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Inside Iowa State, a newspaper for faculty and staff, is published by the Office of University Relations.

Sep. 7, 2007

College of Design breaks ground for north addition this week

by Teddi Barron, News Service

A ceremonial ground-breaking for the pavilion addition to the College of Design building begins at 3:30 p.m. Friday, Sept. 7, on the north side of the building.

Among the speakers are Iowa State alumni Steven and Barbara King (both class of '68), who provided the lead gift of $1.5 million for the new $6.25 million, two-story facility. This is the largest outright commitment ever made to the College of Design.

In 1971, the Kings founded Landscape Structures Inc., a children's play equipment company based in Delano, Minn. The company has become an industry leader in safe, sustainable design practices.

Construction of the 23,500-gross-square-foot pavilion will begin later this year. It will be completed and the building occupied in early 2009.

The first new "green" structure on campus, the addition will use energy-saving techniques, such as natural ventilation, daylighting, storm-water control with a "living" roof, unique site design and recycled building materials.

During its renovation in 2005 and 2006, Morrill Hall also received attention for some green building features, including gallery floors made from the more renewable bamboo plant, bathroom countertops made from recycled glass and rubber roof tiles that will last up to 75 years.

What's in the new space?

When completed, the new Design facility will feature a central, two-story forum surrounded by instructional studios on all sides. The project also includes breakout lecture and critique spaces, enhanced model work room and shop, recycling center and spray room. The space will be home primarily to freshman students in the college's Core Design Program, as well as sophomore students in the first year of their professional programs.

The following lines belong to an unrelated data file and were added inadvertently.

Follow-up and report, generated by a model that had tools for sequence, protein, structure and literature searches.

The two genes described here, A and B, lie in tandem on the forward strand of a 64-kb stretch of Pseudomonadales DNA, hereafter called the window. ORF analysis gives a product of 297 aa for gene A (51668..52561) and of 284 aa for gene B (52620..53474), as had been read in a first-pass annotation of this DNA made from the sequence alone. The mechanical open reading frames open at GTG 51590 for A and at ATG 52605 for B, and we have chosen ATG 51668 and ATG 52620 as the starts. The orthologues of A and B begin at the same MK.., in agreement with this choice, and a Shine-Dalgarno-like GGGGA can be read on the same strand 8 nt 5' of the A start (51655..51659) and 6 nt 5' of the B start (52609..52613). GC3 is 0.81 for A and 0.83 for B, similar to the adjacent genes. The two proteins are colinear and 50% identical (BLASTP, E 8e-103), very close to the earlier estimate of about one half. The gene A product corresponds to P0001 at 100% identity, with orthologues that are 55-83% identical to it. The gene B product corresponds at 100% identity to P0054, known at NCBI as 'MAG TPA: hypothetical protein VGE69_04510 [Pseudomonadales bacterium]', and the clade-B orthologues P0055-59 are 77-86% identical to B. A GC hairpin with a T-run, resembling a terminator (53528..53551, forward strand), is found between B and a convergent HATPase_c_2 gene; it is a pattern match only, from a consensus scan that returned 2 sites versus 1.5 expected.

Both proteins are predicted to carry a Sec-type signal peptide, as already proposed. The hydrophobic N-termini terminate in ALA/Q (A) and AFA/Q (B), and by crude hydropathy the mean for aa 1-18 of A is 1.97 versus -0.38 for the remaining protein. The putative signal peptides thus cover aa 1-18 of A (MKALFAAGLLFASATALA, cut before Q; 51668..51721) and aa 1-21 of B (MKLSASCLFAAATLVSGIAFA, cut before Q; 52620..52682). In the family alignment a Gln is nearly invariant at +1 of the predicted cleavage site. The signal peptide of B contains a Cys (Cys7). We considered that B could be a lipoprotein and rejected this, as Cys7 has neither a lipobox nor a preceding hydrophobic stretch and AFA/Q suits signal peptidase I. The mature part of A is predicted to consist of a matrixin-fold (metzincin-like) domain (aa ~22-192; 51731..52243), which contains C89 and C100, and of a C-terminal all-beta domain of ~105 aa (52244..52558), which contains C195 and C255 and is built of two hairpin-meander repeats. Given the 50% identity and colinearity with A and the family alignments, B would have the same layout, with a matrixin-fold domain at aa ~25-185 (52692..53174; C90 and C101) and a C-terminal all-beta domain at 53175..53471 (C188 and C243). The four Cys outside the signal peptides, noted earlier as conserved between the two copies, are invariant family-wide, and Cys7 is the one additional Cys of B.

"The pavilion will finally make the collegiate community 'whole' with a contiguous set of studios for our entering students," said college dean Mark Engelbrecht. "At the same time, the addition and surrounding gardens will provide a living laboratory for the study of sustainable design practices that will prove useful to the larger collegiate enterprise, and, we hope, to the university community generally."

Of the $6.25 million total cost of the new pavilion, $3.25 million is from private gifts. The remainder is from college and university sources.


Some of the "green" features in the Design addition:

  • Instead of air conditioning, natural ventilation and an evening ventilation cycle will cool the studio spaces, which will not be used in summer.
  • A vegetated "green" roof will lower cooling costs, extend the roof's life expectancy, reduce storm-water discharge and reduce the "heat island" effect. Green roofs provide natural air filtration and create oxygen through photosynthesis. A variety of hardy trees and plants will grow on the roof.
  • The site around the building will be developed to demonstrate water-retention techniques that allow the water to percolate into the soil instead of being piped into storm sewers. Two water holding cells will be covered by permeable pavers to create patios.
  • During construction, waste produced by the building process will be recycled. The goal is to recycle at least 95 percent of all waste generated.